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Discourse 23.3 (2001) 107-129

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Language out of Language:
Excavating the Roots of Culture Jamming and Postmodern Activism from William S. Burroughs' Nova Trilogy

Todd Tietchen

How, then, precisely, are we to conceive of the thesis that logos is able to recover its own constitutive debt, or, even more pointedly, that it is only speech itself, the very tool of disintegration, that can heal the wound it incises in the Real . . . ?

—Slavoj Zizek, "A Hair of the Dog that Bit You" 1

On July 17, 1999, news of John F. Kennedy Jr.'s missing Piper Saratoga aircraft exploded into the American media like only news concerning the Kennedys can. JFK Jr.'s unexpected disappearance over Martha's Vineyard punched a sudden hole in a family narrative that the American media has been disseminating for years, rupturing a signifying chain which had been projecting (for quite some time) the younger Kennedy's eventual run for political office. In the hours immediately following the initial missing person's report, the American media vigorously attempted to fill the gaping hole his disappearance had forced in the nation's symbolic network. The major networks broadcast Kennedy coverage for most of the day, hoping to find that elusive scrap of evidence or floating piece of wing mass [End Page 107] that would allow them to narrativize the disappearance and stabilize Kennedy Jr.'s place in the American media nexus. It was then, as the media scrambled to fill the gaping hole in America's symbolic order with some sort of information on the plane's whereabouts, that something interesting happened.

At 11:19 am (EST), CBS News received a phone call from someone claiming to be a US Coast Guard Lieutenant possessing knowledge concerning the crash. The phone call was broadcast live, and the caller informed Dan Rather (and a substantial part of the American viewing audience) that pieces of Kennedy's aircraft had been discovered along the Massachusetts' coastline. Then, near the end of his call, the caller suddenly claimed that "Howard Stern and Baba Booey [a character in Stern's radio show]" were also passengers in Kennedy's plane. While the caller's claim that nationally-syndicated radio host Howard Stern was also aboard Kennedy's plane revealed his call as a prank, Rather responded by at first repeating (several times) that debris from Kennedy's plane had indeed been found, making the dubious caller's attempt at inserting false information into the media nexus a momentary success.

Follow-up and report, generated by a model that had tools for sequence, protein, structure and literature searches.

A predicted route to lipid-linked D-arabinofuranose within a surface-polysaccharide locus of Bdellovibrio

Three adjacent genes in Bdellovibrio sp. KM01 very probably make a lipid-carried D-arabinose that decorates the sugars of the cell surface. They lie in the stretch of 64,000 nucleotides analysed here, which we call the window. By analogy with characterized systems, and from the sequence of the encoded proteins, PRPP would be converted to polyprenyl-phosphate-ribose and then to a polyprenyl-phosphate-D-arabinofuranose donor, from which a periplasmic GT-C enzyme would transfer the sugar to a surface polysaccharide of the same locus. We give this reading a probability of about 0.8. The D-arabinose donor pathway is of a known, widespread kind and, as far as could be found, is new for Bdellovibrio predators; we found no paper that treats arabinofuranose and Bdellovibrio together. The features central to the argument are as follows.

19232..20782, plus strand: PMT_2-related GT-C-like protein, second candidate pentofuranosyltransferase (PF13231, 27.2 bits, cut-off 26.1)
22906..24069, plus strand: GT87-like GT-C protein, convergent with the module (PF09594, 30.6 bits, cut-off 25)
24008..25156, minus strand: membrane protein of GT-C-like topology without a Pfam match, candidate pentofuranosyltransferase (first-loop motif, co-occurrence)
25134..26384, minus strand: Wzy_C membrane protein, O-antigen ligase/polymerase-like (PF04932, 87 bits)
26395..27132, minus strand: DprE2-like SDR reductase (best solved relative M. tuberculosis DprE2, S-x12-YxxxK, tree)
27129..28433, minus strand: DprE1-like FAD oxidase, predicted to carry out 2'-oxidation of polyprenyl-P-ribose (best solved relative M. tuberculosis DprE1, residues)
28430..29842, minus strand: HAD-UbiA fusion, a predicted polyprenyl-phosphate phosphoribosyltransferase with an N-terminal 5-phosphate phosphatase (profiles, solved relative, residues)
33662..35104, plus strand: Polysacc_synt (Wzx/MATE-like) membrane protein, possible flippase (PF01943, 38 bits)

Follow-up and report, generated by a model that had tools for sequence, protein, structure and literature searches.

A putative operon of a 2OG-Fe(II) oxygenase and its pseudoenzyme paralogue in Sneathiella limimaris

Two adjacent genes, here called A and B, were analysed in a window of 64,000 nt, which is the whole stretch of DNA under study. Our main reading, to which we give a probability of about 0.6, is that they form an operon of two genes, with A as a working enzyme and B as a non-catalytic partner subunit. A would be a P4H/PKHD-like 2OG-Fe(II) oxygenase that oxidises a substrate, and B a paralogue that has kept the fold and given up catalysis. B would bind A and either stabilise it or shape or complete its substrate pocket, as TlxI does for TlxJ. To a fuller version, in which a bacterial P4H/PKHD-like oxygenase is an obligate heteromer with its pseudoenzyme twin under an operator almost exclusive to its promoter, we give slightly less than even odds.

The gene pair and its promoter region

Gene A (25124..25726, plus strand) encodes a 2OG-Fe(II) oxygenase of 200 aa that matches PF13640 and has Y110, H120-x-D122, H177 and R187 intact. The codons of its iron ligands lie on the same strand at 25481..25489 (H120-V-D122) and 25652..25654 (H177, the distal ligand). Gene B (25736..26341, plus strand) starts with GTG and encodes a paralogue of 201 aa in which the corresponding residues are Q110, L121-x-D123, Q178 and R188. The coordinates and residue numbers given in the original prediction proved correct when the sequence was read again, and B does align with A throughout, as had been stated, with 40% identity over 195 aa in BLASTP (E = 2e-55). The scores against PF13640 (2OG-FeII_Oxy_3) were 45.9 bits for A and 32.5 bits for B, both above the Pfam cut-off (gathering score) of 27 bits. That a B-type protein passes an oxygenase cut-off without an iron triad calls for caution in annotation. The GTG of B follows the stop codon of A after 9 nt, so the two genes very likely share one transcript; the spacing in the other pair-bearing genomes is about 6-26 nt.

Upon realizing, a few minutes later, that he had been duped by a prankster, Rather reacted angrily, wondering out loud why a private citizen, in a time of "national crisis," would feed the media's hunger with an appetizer of false information. But perhaps Rather should have been questioning why both he and his network had bitten down so eagerly on the caller's offering, for their zealous response was key to the prank's effectiveness. While appearing to participate in constructing the story (by filling in the hole that Kennedy Jr.'s death had caused) the dubious phone call had in fact forced another rupture, and in that rupture, television viewers were provided with momentary insight into the sort of information and credentials (Lieutenant) that are used to piece together media narratives. The prankster had turned the station's own eagerness for information against itself, and for a few moments, representation of the event was guided into an inaccurate direction. In those moments, the caller demonstrated the "weakness" and holes within the American media edifice, along with how easily it can be manipulated via its own procedures and tools.

In regards to art and literature, the similar suggestion that politically radical gestures can be embedded within mass media channels is still met with a high degree of theoretical skepticism. This overwhelming skepticism can be traced to a theoretical syndrome which I would like to call Frankfurt School Anxiety. The roots of Frankfurt School Anxiety can be discovered in "The Culture Industry: Enlightenment as Mass Deception...


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